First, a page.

Human Rights Party Presdient Kem Sokha on Tuesday called for competing political parties to help ensure proper ballot counting after Sunday's election.
"If we do not collaborate in protecting ballots from fraud… the ballots of the people who want to change [the government] leaders will be cheated," Kem Sokha warned.
Kem Sokha told reporters Tuesday he was appealing for all parties to cooperate following reports that the ruling Cambodian People's Party was seeking to buy or threaten observers from other political parties.
CPP National Assembly Vice President Nguon Nhel said the ruling party has never bought or threatened observers from any parties or other group.
Sam Rainsy Party officials could not be reached for comment.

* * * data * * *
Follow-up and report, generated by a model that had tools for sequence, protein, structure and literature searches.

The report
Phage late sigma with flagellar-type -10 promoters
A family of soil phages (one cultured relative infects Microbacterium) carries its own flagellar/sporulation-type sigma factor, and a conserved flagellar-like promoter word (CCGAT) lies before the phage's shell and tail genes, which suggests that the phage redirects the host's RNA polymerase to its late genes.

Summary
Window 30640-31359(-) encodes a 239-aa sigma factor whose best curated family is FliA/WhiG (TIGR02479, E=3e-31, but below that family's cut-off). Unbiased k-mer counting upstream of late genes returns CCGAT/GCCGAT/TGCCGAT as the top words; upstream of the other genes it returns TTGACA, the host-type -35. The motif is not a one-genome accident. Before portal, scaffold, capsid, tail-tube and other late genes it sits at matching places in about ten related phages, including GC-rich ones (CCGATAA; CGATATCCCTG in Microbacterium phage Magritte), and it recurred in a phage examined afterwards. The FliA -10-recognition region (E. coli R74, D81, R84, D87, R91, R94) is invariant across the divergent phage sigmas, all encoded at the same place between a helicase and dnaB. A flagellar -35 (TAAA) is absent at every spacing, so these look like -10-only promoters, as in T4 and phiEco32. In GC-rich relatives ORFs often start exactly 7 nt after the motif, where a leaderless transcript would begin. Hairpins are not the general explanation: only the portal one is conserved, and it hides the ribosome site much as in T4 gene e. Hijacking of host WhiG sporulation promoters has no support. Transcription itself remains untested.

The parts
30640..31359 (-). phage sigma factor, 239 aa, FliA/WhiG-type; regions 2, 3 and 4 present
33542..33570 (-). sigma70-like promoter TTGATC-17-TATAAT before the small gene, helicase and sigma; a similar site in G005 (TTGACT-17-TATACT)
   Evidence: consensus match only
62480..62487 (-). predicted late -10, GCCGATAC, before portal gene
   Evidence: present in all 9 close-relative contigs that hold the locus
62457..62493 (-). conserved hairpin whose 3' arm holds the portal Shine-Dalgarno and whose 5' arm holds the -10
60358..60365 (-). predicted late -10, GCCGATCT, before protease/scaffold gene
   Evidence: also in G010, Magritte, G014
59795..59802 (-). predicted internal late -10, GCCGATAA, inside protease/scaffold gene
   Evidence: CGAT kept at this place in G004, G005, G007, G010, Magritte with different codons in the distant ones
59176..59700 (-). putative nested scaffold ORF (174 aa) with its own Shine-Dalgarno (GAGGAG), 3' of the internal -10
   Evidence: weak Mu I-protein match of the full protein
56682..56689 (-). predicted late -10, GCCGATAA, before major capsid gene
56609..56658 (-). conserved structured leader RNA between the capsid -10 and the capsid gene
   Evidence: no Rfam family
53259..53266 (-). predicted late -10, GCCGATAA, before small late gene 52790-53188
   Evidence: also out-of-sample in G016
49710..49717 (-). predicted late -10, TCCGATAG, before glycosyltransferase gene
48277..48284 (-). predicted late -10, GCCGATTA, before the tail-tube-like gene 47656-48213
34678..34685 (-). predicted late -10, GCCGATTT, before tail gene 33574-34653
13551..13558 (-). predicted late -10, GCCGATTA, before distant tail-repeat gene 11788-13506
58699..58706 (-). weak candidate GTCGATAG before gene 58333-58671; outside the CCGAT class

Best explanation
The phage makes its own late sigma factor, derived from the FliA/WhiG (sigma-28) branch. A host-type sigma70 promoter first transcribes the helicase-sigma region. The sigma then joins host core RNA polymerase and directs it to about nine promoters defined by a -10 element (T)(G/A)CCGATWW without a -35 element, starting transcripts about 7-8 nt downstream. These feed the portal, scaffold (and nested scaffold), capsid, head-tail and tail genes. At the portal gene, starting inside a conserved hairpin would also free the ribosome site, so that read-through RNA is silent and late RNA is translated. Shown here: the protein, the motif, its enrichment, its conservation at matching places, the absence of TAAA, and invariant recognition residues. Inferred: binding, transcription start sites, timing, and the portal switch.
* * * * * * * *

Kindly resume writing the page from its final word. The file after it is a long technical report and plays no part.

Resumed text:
Norodom Ranariddh Party and Funcinpec senior officials said their parties supported the appeal.
Over the past two weeks, Funcinpec has met quietly with officials the opposition and other competing parties to discuss the protection of ballot fraud, Funcinpec Secretary-General Nhiek Bunnchhay said.
In 1998 and 2003 election, the Sam Rainsy Party accused the National Election Committee of cheating the ballots to serve the Cambodian's People Party.
NEC Secretary-General Tep Nitha denied such allegations.
"Since previous elections, there was not any evidence showing ballot fraud," he said. "There was only accusations against the NEC."
The NEC works to ensure fair ballot-counting by counting in front of observers and political party members at each ballot station, he said. Following the local count, the NEC will count the ballots and declare the results the day after the election.
More than 90,000 NEC officials will work at the 15,255 ballot stations across the country, while more than 24,000 observers are expected to work the election.
More than 62,000 political party observers will also join, he said, including 20,000 from the CPP, 6,000 from the Sam Rainsy Party and 7,600 from the Human Rights Party.